Tuesday, November 17, 2009
Appeals Court Upholds Exclusion of Job Severance Offer
Bar of Evidence of Compromise Offers Held Not Limited to Preexisting Disputes
By KENNETH OFGANG, Staff Writer
The state law barring admission of offers to compromise applies to an employer’s offer of a severance payment in exchange for a release of potential claims by a newly-terminated employee, the Sixth District Court of Appeal ruled yesterday.
The justices affirmed a judgment in favor of Verity Inc. in a retaliation action brought by Thomas Mangano. The plaintiff claimed that Santa Clara Superior Court Judge John F. Herlihy erred by barring introduction of a proposal by the company, which Mangano rejected, to pay a lump sum equivalent to 17 weeks’ salary if Mangano would release Verity from all past and future claims.
Verity fired Mangano in December 2006, less than a month after summary judgment was entered in the employer’s favor in a prior suit for disability discrimination. Mangano, who was hired by the software company as director of manufacturing in 1991, was diagnosed with Asperger’s Syndrome in 2005 and claimed that he had been treated in a demeaning manner because of it.
At the time of his firing, the company made a written proposal to Mangano, telling him it was willing to “aid you in your employment transition” by making the severance payment. In return, Mangano would have been required to drop his appeal of the earlier judgment and promise not to sue or disparage the company in the future.
He declined the offer, and went forward with his appeal, which the Sixth District rejected in Mangano v. Verity (2008) 167 Cal.App.4th 944. He also filed a new suit, claiming that he was fired in retaliation for having sued earlier.
Herlihy granted the company’s motion in limine, barring evidence of the severance offer under Evidence Code Sec. 1152.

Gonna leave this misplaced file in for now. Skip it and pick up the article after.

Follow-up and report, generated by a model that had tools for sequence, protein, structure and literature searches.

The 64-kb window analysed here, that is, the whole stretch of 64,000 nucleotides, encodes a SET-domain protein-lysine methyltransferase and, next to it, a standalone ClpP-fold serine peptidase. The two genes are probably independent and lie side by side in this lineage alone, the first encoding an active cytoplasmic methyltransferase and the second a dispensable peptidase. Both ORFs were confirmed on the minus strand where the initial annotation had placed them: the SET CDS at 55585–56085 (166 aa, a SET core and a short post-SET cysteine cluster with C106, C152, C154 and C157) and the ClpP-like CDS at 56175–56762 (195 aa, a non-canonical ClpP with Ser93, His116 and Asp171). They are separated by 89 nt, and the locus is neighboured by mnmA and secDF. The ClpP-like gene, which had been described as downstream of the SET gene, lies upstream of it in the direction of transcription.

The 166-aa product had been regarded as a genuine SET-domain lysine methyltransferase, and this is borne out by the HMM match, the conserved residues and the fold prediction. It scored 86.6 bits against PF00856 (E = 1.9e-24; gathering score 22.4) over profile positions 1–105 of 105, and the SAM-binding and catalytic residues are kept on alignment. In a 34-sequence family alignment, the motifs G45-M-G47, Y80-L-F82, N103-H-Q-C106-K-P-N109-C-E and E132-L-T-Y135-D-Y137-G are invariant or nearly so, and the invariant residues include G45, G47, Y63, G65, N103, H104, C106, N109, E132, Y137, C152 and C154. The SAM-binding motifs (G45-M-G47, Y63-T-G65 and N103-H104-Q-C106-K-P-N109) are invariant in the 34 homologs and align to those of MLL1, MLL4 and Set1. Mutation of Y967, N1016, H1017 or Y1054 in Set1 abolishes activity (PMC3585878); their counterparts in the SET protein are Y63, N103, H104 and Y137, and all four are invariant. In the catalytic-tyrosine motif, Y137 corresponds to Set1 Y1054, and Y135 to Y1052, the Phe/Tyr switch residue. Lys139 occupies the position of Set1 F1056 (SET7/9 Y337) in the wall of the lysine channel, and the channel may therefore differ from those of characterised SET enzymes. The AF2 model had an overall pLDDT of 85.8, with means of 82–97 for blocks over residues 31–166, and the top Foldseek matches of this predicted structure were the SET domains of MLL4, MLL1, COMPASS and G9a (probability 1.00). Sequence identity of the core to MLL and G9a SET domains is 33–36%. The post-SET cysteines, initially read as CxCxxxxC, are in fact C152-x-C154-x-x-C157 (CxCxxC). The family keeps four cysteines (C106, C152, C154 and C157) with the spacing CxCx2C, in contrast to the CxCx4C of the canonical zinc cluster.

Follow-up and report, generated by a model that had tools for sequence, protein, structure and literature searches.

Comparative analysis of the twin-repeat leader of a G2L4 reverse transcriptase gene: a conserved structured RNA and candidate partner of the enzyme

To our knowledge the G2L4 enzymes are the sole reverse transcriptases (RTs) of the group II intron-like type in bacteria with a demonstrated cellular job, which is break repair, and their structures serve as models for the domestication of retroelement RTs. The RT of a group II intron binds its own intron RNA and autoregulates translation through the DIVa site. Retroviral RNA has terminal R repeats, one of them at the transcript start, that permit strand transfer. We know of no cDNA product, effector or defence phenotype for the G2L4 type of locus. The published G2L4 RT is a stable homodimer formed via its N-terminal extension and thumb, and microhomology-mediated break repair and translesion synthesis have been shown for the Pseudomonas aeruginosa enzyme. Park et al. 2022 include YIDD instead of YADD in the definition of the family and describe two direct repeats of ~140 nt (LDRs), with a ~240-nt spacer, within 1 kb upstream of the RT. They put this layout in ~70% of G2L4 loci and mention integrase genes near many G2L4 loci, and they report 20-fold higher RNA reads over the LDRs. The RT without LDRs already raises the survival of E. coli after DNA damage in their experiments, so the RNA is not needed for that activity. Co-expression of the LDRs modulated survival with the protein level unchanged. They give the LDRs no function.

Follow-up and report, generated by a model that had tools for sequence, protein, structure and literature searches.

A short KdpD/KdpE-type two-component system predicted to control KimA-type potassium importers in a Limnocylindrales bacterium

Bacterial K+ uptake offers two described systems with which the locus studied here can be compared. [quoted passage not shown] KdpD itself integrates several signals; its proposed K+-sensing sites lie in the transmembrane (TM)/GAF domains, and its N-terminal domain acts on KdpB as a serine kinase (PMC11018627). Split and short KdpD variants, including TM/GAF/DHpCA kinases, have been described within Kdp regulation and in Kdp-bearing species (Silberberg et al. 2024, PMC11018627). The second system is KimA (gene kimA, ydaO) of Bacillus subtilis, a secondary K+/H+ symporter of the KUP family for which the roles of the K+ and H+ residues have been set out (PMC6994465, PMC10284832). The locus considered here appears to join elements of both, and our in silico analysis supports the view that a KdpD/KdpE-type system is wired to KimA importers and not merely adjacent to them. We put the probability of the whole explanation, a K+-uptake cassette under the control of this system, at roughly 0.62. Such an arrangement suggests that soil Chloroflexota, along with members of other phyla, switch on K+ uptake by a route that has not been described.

The statute provides, in part:
“Evidence that a person has...offered...money...to another who has sustained or will sustain...loss or damage...is inadmissible to prove his or her liability for the loss or damage or any part of it.”
The jury subsequently found by special verdict that Mangano’s prior suit was not a motivating factor in his termination. The trial judge denied his motion for new trial and granted entry of judgment for the defendant.
Justice Nathan Mihara, writing for the Court of Appeal, said the trial judge was correct, rejecting the plaintiff’s argument that the statute did not apply because there was no pending dispute at the time the agreement was offered.
“We discern nothing in the language of Evidence Code section 1152 which limits it to offers to compromise preexisting disputes,” the justice said, emphasizing the “will sustain” language in the section.
“Here, Verity offered money to Mangano when it terminated his employment,” the jurist explained. “At that time, it was a fact that Mangano’s termination would cause him to sustain some loss of income. It follows that Verity’s offer to compensate him for this prospective loss was inadmissible under Evidence Code section 1152 to show that Verity was liable for this loss.”
Mihara distinguished Cassino v. Reichhold Chemicals, Inc. (9th Cir. 1987) 817 F.2d 1338, which held that a district judge did not commit an abuse of discretion by admitting evidence that a plaintiff in an age discrimination suit was offered $18,000 to release all of his claims, including age discrimination, at the time of his termination.
That case, the justice explained, was decided under Rule 408 of the Federal Rules of Evidence, which excludes evidence of “a claim that was disputed as to validity or amount,” the Ninth Circuit ruling that there was no such dispute at the time the plaintiff was terminated.
The federal rule differs from the broadly worded Sec. 1152, Mihara said, in that the state law “says nothing about any claim, does not require the preexistence of a dispute, and expressly applies to a prospective loss.”
The case is Mangano v. Verity, Inc., H033286.
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